Amara stopped at the local police and Natural Resources Ministry offices to inquire about nearby forests. He returned to the area the week before Christmas and set up a camp in woodlands near the town of Orillia. Eleven men and boys came with him. They wore camouflage uniforms, fired a 9mm pistol, played paintball, and engaged in training "clearly for terrorist purposes."

They made plans for a second session at the camp. They named their scheme "Operation Badr," after a battle of early Islamic history, and discussed strategies. They would take politicians hostage in the capital, demand the removal of Canadian troops from Afghanistan and the release of Muslim prisoners, and execute the politicians "one by one" if the demands were not met.

Ahmad put a deposit down on another illegal firearms purchase. The suspects scouted out a house where they could retreat after staging an attack. They shoplifted walkie-talkies. Amara plumbed the Internet at public libraries to learn how to assemble a bomb. Durrani enrolled in flight training but eventually backed out, believing he would attract too much attention.

The group had business cards printed up to pose as fictional "student farmers" to raise fewer suspicions as they bought the fertilizer for a bomb.

But as the conspirators talked and made plans, they fractured in disagreement. Zakaria Amara wanted to use truck bombs. Fahim Ahmad favored an attack with guns. Amara thought Ahmad was taking too long.

In the end, they settled on both methods, the government contends. Amara and the Mississauga group would bomb a site in Toronto -- the final list included a downtown Toronto skyscraper containing the offices of Canada's spy agency, the Toronto Stock Exchange and a military establishment. At the same time, Ahmad, who had moved to Scarborough with the group there, was to storm the Parliament or some other public place.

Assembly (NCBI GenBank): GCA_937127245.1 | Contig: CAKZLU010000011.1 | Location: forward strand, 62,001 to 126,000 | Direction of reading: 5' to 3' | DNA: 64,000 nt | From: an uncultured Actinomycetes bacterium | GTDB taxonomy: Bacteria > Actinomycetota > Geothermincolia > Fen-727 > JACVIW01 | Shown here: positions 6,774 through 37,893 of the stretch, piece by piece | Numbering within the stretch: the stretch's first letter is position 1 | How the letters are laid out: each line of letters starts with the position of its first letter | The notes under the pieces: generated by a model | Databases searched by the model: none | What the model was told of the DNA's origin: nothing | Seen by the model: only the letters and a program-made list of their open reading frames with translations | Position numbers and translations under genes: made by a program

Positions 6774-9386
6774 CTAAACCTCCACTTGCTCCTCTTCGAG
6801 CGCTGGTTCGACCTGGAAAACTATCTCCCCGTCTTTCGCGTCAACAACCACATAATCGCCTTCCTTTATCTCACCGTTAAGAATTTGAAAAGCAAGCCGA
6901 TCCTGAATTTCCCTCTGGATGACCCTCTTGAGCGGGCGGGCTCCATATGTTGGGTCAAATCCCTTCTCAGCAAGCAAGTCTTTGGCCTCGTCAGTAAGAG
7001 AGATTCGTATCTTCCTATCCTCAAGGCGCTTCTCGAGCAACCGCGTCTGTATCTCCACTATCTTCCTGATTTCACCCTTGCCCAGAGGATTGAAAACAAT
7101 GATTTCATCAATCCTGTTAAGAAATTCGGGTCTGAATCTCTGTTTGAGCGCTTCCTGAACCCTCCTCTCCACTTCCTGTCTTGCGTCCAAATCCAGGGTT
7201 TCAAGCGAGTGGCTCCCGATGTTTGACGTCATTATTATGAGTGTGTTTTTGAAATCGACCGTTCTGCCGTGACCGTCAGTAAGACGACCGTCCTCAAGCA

By last month, Amara had concluded that they needed three tons of ammonium nitrate -- the group wanted to make a bomb bigger than the two-ton explosive that Timothy McVeigh used to shatter the federal building in Oklahoma City in 1995, killing 168 people.

When the youths ordered the fertilizer, agents intercepted the shipment and substituted an inert powder. Police watched as Khalid and one of the youths worked at a rented warehouse June 2 to prepare to receive the shipment. The two lined cardboard boxes with plastic to store the material. When Amara paid $4,000 to an undercover officer for the fake fertilizer, the police descended. Khalid and the juvenile were arrested at the warehouse. Squads of officers positioned around Toronto rounded up the others through the evening.

Khalid is now at Ontario's Maplehurst Correctional Center in solitary confinement. His cell has a metal bed, two blankets, and a light bulb that stays on all night. He met with his lawyer Thursday, but the two were separated by a glass shield and were able to talk only on a telephone. Khalid held it awkwardly, with his wrists still handcuffed together, said the lawyer, Arif Raza.

"Obviously, he's very down," Raza said. "Very depressed."

Researcher Natalia Alexandrova contributed to this report.